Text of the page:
He isn't muscle-bound and he isn't fat, he just looks like two of me have climbed into my tracksuit. He smiles and he's funny and he talks a lot (he's a Jew, in case I didn't mention that) and the class loves him, but he moves, when he is in character, with the economy and menace of a shark. And when he throws a jab he stamps his back foot and the building shakes.

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The class, by the way, does not seem to have many Jews in it. There are maybe 30 students — 20 boys, 10 girls — a couple of young black men, half a dozen Asians, some beefy Wasps, the odd Jew, me.

We jog round the room and warm up, do some stretching, assume the position. But it's just a relaxed, balanced footing. It's not a combat position. We do not want a fight. If there is threatening movement our hands come up to cover our face more or less like a boxer (but not as close to it, we haven't got nice soft gloves on to protect our noses) and a foot goes back to give more solid balance.

But we don't want to make aggressive gestures that might be misinterpreted.

And then we pair off and fight. And then Ben stops us and shows us another defensive move. And we do that. And then he puts us in groups of four and it's three against one. Then four against one. We do the famous "zombie" game where five guys are going after one guy (slow, like zombies) trying to strangle him and he has to keep batting them away.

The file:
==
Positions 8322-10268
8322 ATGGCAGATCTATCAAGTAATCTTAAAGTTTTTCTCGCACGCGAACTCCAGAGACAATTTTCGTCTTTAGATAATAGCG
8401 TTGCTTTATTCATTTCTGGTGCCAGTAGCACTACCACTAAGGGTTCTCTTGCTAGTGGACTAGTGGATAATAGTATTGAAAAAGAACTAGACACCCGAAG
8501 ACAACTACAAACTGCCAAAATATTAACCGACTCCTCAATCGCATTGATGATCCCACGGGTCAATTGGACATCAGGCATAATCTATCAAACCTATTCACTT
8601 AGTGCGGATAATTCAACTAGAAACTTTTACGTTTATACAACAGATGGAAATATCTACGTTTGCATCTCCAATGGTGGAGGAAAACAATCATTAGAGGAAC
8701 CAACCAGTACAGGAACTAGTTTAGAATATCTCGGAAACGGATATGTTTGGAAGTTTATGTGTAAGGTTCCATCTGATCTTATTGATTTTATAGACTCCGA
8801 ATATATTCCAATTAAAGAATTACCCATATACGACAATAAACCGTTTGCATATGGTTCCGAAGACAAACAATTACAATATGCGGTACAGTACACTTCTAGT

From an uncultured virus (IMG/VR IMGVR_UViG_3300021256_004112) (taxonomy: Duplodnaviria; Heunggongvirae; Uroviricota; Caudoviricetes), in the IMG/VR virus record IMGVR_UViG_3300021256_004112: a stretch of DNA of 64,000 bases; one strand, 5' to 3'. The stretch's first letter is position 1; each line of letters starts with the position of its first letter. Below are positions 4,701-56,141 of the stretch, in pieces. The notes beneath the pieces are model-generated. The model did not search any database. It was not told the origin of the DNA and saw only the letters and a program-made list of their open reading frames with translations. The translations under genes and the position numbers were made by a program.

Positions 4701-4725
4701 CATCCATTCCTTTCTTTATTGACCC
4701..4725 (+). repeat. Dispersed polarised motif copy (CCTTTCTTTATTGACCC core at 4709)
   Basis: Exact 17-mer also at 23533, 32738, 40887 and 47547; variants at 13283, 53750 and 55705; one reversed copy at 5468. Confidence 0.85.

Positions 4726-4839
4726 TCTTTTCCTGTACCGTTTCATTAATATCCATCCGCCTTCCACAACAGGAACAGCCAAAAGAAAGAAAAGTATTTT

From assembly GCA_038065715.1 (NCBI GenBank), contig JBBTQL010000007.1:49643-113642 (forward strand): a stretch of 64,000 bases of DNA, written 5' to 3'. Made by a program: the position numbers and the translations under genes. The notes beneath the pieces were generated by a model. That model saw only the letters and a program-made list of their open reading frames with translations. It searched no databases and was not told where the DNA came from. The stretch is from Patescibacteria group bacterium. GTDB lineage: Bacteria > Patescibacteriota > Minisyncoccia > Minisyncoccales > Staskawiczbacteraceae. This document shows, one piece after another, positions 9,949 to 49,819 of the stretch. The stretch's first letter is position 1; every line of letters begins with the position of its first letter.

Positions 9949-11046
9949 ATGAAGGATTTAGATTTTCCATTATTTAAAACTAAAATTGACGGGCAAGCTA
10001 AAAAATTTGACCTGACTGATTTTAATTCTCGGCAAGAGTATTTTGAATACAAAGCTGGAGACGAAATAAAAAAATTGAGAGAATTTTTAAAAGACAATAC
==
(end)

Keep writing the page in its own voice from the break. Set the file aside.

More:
"Krav Maga assumes that there will be multiple assailants," Ben says. "We don't throw a fancy combination and then stand there. There are no points for Krav Maga. There is no competition version. The guy comes for you, you block, punch, kick, move, block, punch, kick, there might be 10 of them, they might have sticks, knives, guns…"

They might indeed. Krav Maga is a pessimistic system for a pessimistic people. So we learn about knives early on, and guns, too. We expect to be attacked from behind (probably at a cashpoint), from the side, in the dark. And we learn stamping.

"On heads?" I ask.

"Technically, no," says Ben. "Technically, we mean stamping on shins. We don't teach stamping on heads anymore."

"Anymore?"

"Not since CCTV," he says. "CCTV is not kind to head-stamping. It looks bad. It makes a mess of your 'reasonable force' defence in court."

This is not the last time CCTV is mentioned. There seem to be a number of moves they don't teach since CCTV came in. But they tell us what they are anyway. I begin to wonder if, when I'm moving off the line of attack, covering my blind spot and scanning for further assailants, I am perhaps also supposed to be scanning for cameras.

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For even this civilian form of it (Ben teaches military Krav Maga as well) is supremely aggressive. The Metropolitan police are not allowed to use it for example. Because it counter-attacks in the very instant of defending and has a notion of "reasonable" that is different from an English court's.

If we fear lethal intent from more than one attacker then we punch for the suprasternal (jugular) notch, we punch with split fingers to the eyes, we break a choke-hold with an explosive break, then hold his wrist, lean back, unbalance him, and punch him in the throat. If we are attacked on the ground (we are shown how to fall, turn, how to get up without exposing the head) then we trap an ankle with a foot and break their shin with the other.

And if we get our man down and we see two more coming at us, then we don't want the first guy getting up and joining in again. So we take our stamp, I guess, that is meant for shins, and we do it to his head — after first scanning for those pesky cameras.

We practise our stamping on the sprung wooden floor. Stamp! Stamp! Stamp! People driving down the Finchley Road 100 yards away turn to see what the commotion is. And they see me, stamping on Nazi heads, making sure those sons of bitches do not get up and point their Lugers at me.